This weekend we went to a wedding of an old college teammate and roommate of mine, and it evoked all the emotions. The whole way home I thought about these friendships, these girls that I only really knew for four years; such a short time in the grand scheme! In the literal sense, these were not the girls I grew up with, but in a very real sense, these were exactly the girls I grew up with.
This is four years, just four years. What seems like such a long time as you're approaching it, and maybe even while you're going through it, turns into just a small blurb on your resume one day.
Where did you go to school? What did you study? What do you do now? These questions become the center of adult conversations.
Maybe it is because I don't have a career outside the home. Maybe it's because I studied within a major that never offered me a better professor than the amazing teacher I'd had in high school. Or maybe it's because I'm a sentimental fool, but an education was actually my least valuable take-away from four years in college.
*gasp* How can you say that?!
I am absolutely thankful for my college education! Don't get me wrong. But I learned so many more valuable life and relational skills in my four years in college. I learned about myself. I learned about Christ. I learned about loving others. I learned about priorities, discipline, consideration, and communication. I made plenty of mistakes along the way, but I learned how to move forward from them. I learned about conflict and resolution and how to love people through those, and I learned that I could be loved through my difficult times as well. These girls taught me that I could be accepted and loved, just as I am, even during disagreements.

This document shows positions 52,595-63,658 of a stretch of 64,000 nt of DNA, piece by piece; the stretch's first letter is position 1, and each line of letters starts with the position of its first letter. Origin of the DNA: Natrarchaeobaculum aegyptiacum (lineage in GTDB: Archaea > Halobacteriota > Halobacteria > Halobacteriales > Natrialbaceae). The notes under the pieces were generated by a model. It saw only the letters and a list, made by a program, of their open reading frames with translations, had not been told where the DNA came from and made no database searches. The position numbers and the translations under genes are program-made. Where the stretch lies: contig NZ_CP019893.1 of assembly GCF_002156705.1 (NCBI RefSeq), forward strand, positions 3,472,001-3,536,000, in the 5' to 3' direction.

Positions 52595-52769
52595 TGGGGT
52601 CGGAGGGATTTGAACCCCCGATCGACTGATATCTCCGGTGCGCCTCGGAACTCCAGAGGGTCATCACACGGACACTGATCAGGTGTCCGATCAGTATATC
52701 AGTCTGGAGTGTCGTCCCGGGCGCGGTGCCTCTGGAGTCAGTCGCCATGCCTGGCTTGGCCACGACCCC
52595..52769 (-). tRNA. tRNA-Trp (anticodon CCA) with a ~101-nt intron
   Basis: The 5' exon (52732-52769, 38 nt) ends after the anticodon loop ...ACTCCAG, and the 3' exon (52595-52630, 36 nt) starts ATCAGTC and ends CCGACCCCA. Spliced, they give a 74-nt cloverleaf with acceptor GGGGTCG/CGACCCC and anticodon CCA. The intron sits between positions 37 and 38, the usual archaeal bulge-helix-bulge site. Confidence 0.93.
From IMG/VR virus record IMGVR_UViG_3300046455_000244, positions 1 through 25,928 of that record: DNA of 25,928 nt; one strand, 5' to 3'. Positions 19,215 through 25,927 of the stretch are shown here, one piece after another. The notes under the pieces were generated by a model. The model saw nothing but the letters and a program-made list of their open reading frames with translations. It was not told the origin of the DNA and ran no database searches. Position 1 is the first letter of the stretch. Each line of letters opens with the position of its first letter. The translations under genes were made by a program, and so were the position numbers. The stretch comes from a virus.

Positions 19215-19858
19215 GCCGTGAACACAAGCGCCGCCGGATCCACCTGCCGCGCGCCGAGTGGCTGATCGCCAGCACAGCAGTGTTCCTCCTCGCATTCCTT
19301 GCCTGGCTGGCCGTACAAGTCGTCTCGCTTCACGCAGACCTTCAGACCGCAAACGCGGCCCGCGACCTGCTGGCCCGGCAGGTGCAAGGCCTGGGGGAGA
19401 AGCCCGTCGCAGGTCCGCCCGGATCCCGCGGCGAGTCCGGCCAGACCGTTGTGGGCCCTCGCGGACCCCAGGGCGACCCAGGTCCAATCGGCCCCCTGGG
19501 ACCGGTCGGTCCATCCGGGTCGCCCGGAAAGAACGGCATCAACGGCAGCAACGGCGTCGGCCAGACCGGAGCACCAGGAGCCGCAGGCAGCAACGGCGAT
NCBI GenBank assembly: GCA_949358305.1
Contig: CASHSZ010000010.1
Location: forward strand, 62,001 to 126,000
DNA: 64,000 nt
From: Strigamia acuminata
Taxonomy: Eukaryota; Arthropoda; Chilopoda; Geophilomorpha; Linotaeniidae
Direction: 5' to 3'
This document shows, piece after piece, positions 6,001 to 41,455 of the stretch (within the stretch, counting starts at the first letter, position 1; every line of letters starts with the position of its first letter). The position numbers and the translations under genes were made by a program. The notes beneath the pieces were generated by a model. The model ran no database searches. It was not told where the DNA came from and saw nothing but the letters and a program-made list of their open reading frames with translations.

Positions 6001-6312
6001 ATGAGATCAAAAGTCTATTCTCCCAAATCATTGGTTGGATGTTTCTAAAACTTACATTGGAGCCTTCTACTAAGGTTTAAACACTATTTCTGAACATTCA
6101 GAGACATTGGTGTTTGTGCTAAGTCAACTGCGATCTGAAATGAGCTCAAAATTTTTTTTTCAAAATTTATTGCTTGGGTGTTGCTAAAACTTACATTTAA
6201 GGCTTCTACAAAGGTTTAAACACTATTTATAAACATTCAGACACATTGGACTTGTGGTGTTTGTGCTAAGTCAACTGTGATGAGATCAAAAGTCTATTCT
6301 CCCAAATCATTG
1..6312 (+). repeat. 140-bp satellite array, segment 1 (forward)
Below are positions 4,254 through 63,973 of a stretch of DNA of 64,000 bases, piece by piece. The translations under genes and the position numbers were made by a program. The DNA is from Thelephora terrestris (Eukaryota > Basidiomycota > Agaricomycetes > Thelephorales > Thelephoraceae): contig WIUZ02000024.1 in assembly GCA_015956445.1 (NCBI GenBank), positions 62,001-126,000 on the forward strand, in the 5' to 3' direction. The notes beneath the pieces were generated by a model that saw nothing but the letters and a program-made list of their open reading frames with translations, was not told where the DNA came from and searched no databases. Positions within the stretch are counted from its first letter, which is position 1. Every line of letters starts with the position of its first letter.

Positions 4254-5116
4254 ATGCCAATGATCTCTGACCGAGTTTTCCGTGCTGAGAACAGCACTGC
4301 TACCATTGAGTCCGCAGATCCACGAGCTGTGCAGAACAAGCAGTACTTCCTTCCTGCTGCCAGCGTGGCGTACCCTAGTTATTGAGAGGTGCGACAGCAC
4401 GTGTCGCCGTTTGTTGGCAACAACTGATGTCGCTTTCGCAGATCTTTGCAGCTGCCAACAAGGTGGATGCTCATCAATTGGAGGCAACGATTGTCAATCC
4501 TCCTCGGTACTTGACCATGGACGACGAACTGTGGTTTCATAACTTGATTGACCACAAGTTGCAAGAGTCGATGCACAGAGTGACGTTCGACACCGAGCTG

I grew up.
When you live with, travel with, practice with, even shower with, the same people day in and day out, it really accelerates the relationship process, and you have to learn how to get along. My word, I didn't even spend that much time with my own sister! When you are thrust into a world of unknowns, away from your family, in this big world, it is not the classes you take, the parties you go to, or the sports that you play, which define you. Those things might be a big part of your experiences, but so many of the specifics will fade away as the years go by. The classes you took, the parties you went to, even your professors names, will soon fade from your memories.
But if you're lucky, even if you don't keep in touch perfectly, even if you're separated by hundreds of miles or busy schedules, those people you grew up with will forever feel like home.
As young kids on these grand adventures, often this lesson is easy. Love others. That's pretty simple. Treat others as you want to be treated. Learn how to get along through thick and through thin.
As adults, we tend to walk around with more of a chip on our shoulders; a my way or the highway attitude. We become picky about the people we allow into our lives, and the people we allow to stay. We cut people out easily, with little to no remorse, over disagreements, and we find quotes to help justify our actions, and make us feel validated in turning people away.
I'm not saying that it isn't sometimes necessary to do this. God does tell us to be wise about the company we keep. It just happens with so much more frequency than it did while we were growing up.
You don't always get to choose the people that get placed in your life. Love them like you would if you had no other choice, and they just may become family.
As a wife, mom of 4, and business owner, finding time to spend in the Word, can be difficult, so I get it! Come join me each Monday for a simple message of hope, faith, and encouragement amidst some honest mommy moments.
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